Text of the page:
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Data protection in the EU

Previous and new EU legal regimes on data protection form the source of essential rights and obligations. Watch Evgeni Moyakine explain more.
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At the core of the European Union data protection regime, for many years, they have been two legal instruments. The first one is the directive on the protection of individuals with regard to the processing of personal data and on the free movement of such data, adopted in 1995. And the second one is the Council Framework Decision dealing with data protection within the framework of police and judicial cooperation in criminal matters, adopted in 2008. In 2012, the European Commission prepared and made public the General Protection Reform Package containing two proposals for new legal acts.
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This was deemed necessary in order to modernise the outdated legal framework on data protection and strengthen Europe’s digital economy and fundamental rights of individuals in the digital age. The first proposal includes the new Police and Criminal Justice Data Protection Directive of the European Parliament and of the Council that replaces the Council Framework Decision from 2008. It concerns the protection of individuals with regard to the processing of personal data by competent authorities for the purposes of prevention, investigation, detection, or prosecution of criminal offences, or the execution of criminal penalties and the free movement of such data.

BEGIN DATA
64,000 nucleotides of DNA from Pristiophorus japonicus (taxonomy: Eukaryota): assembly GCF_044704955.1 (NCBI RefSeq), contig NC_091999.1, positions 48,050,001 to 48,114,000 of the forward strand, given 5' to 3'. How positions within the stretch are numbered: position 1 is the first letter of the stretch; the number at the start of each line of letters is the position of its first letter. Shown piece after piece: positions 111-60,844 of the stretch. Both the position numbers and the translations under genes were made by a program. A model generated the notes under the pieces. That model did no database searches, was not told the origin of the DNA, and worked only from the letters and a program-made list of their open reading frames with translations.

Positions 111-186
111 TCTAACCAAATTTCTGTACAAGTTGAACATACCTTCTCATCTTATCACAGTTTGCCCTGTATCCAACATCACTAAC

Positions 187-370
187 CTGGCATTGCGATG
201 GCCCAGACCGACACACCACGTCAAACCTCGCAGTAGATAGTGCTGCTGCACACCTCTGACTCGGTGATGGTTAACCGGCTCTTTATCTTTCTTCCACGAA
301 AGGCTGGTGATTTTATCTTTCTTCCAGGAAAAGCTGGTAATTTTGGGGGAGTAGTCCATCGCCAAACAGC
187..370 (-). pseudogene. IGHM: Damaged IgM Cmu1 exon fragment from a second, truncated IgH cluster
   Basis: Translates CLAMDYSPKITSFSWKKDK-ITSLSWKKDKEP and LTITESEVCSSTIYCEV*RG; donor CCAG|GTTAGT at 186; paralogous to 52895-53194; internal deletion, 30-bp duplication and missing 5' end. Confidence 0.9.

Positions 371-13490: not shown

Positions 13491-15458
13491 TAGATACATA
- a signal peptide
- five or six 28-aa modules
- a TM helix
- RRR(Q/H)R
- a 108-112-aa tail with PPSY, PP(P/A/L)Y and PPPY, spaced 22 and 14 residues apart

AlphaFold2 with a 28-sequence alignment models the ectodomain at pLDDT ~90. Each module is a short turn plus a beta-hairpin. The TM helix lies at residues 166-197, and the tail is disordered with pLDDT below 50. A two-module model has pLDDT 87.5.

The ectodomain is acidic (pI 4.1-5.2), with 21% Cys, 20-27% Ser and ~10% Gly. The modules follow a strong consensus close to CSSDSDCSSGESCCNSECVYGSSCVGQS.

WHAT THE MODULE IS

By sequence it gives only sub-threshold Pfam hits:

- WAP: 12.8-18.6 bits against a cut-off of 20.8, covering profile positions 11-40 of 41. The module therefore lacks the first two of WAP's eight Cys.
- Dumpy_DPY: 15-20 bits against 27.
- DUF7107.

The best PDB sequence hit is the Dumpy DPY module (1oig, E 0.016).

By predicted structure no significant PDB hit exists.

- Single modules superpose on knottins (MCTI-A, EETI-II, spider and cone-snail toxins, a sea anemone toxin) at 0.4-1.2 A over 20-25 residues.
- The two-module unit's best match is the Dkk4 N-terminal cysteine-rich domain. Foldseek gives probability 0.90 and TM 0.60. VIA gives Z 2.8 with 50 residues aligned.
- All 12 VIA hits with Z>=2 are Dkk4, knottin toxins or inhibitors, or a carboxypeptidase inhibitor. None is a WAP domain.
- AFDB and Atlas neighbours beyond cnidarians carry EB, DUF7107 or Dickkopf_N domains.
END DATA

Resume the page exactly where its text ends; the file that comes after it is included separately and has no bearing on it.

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The competent authorities in question could be not only public authorities, such as the judicial authorities, the police, and other law enforcement agencies, but also other bodies and entities entrusted by EU Member State law to exercise public authority and public powers for the purposes of this directive. The second proposal is the General Data Protection Regulation of the European Parliament and of the Council, or simply the GDPR, which replaces the Directive from 1995. Its focus is on the protection of individuals with regard to the processing of personal data and on the free movement of such data. This regulation is what we are dealing with in this course.
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For the sake of clarity, the main difference between directives and regulations as legal instruments of the European Union needs to be explained. Directives are essentially legislative acts harmonising national laws and establishing certain objectives that must be achieved by EU Member States. Individual countries may decide themselves how they incorporate directives into their national legislation. Regulations are a different type of legislative act. They are binding and directly applicable in their entirety in all EU member states. The General Data Protection Regulation is a regulation that aims to create a more effective and consistent data protection regime in the EU.